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Wednesday, May 26, 2010

Jets Owner Key in Bringing Super Bowl to NYC

NY Times

The idea for the New York area hosting an outdoor Super Bowl was hatched nearly four years ago, when the Giants and the Jets agreed to build a new stadium together in the Meadowlands. The Jets’ hopes for an enclosed stadium on the Far West Side of Manhattan had fallen through, even though N.F.L. owners had awarded them a Super Bowl that was conditional on getting the stadium built. So when the teams joined forces, the Jets’ owner, Woody Johnson, brought with him the pie-in-the-sky notion that the game should come to New York, anyway.

John Mara, a Giants co-owner, was not so sure. There had been sentiment for New York hosting a Super Bowl at Giants Stadium shortly after the Sept. 11 terrorist attacks, but that support had withered away. Johnson, though, was relentless, Mara said. Johnson is a relative newcomer to ownership, having owned the Jets for only 10 years, and he is viewed as the less influential owner in the forced marriage between the Giants, one of the N.F.L.’s flagship franchises, and the Jets.

But as he began to ask around the league about the idea, Mara was surprised to find enthusiasm for a game in the New York-New Jersey region. And so on Tuesday, with Mara wearing his father’s 1956 championship game ring for good luck, and with his fellow owners lured by the idea of playing the sport’s biggest game on the nation’s largest stage, the N.F.L. awarded the 2014 Super Bowl to New York-New Jersey, making the New Meadowlands Stadium the host of the first outdoor cold-weather Super Bowl in history.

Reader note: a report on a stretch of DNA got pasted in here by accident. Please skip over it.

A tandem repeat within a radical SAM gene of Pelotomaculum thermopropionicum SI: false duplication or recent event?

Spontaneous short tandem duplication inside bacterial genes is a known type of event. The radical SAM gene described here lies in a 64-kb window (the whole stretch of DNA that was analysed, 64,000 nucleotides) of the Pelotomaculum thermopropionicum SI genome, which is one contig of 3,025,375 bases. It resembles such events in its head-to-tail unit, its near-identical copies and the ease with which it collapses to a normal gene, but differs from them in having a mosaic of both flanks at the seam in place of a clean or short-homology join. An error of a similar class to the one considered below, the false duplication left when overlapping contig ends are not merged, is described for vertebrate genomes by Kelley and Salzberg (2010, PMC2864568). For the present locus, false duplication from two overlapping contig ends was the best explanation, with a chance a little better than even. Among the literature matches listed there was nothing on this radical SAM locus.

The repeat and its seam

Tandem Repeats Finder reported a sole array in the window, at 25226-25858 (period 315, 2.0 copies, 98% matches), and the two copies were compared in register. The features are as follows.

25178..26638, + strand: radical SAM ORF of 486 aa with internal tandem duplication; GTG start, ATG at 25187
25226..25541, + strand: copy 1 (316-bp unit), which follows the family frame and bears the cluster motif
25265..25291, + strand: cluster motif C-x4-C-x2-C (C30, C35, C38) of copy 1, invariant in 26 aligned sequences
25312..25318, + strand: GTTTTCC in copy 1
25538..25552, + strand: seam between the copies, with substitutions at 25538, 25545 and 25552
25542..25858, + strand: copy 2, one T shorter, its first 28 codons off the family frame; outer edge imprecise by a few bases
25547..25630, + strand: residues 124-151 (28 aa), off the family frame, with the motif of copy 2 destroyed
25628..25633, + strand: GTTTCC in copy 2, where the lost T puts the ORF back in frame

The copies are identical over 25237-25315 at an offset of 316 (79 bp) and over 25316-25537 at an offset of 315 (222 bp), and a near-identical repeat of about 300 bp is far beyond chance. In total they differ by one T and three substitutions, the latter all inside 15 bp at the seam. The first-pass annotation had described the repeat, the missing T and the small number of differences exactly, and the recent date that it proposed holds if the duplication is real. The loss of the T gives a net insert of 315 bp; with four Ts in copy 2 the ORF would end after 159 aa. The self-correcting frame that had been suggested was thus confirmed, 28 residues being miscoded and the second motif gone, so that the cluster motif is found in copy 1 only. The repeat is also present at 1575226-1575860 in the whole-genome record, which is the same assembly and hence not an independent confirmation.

“Why not,” Johnson said after the vote. “We play every other game in cold weather, rain and snow. Would I want to do it every year? Probably not. But 2014 sounds good.”

Even with a new $1.6 billion stadium, the New York area’s bid needed four ballots to gain the required simple majority of 32 votes in the secret vote. It beat out a proposal from Tampa, Fla., which pointedly emphasized warm weather in its bid.

The vote also represented an embrace of the New York region’s unique entertainment, promotional and financial opportunities. The proposal called for everything from a Super Bowl float in the Macy’s Thanksgiving Day parade to a party at Liberty State Park in Jersey City. But of more interest to a league bent on building revenue and an international audience is that the weeklong extravaganza would play out in the global news media and business capital, and in an area where 36 percent of the 20 million residents were born outside the United States.

“I do believe New York is a unique market,” Commissioner Roger Goodell said. “It’s the No. 1 market in our country and in many cases around the world. It will be a great experience for our fans and a great experience for the N.F.L.”

Those considerations clearly outweighed concerns by some owners opposed to a cold-weather game where snow could wreak havoc on a week’s worth of parties and planning, as well as on the outcome of the championship game. The New York-New Jersey bid included details about how many people with shovels could be deployed to dig the stadium out of snow and about plans to hand out seat and hand warmers to fans and have fire pits in parking lots.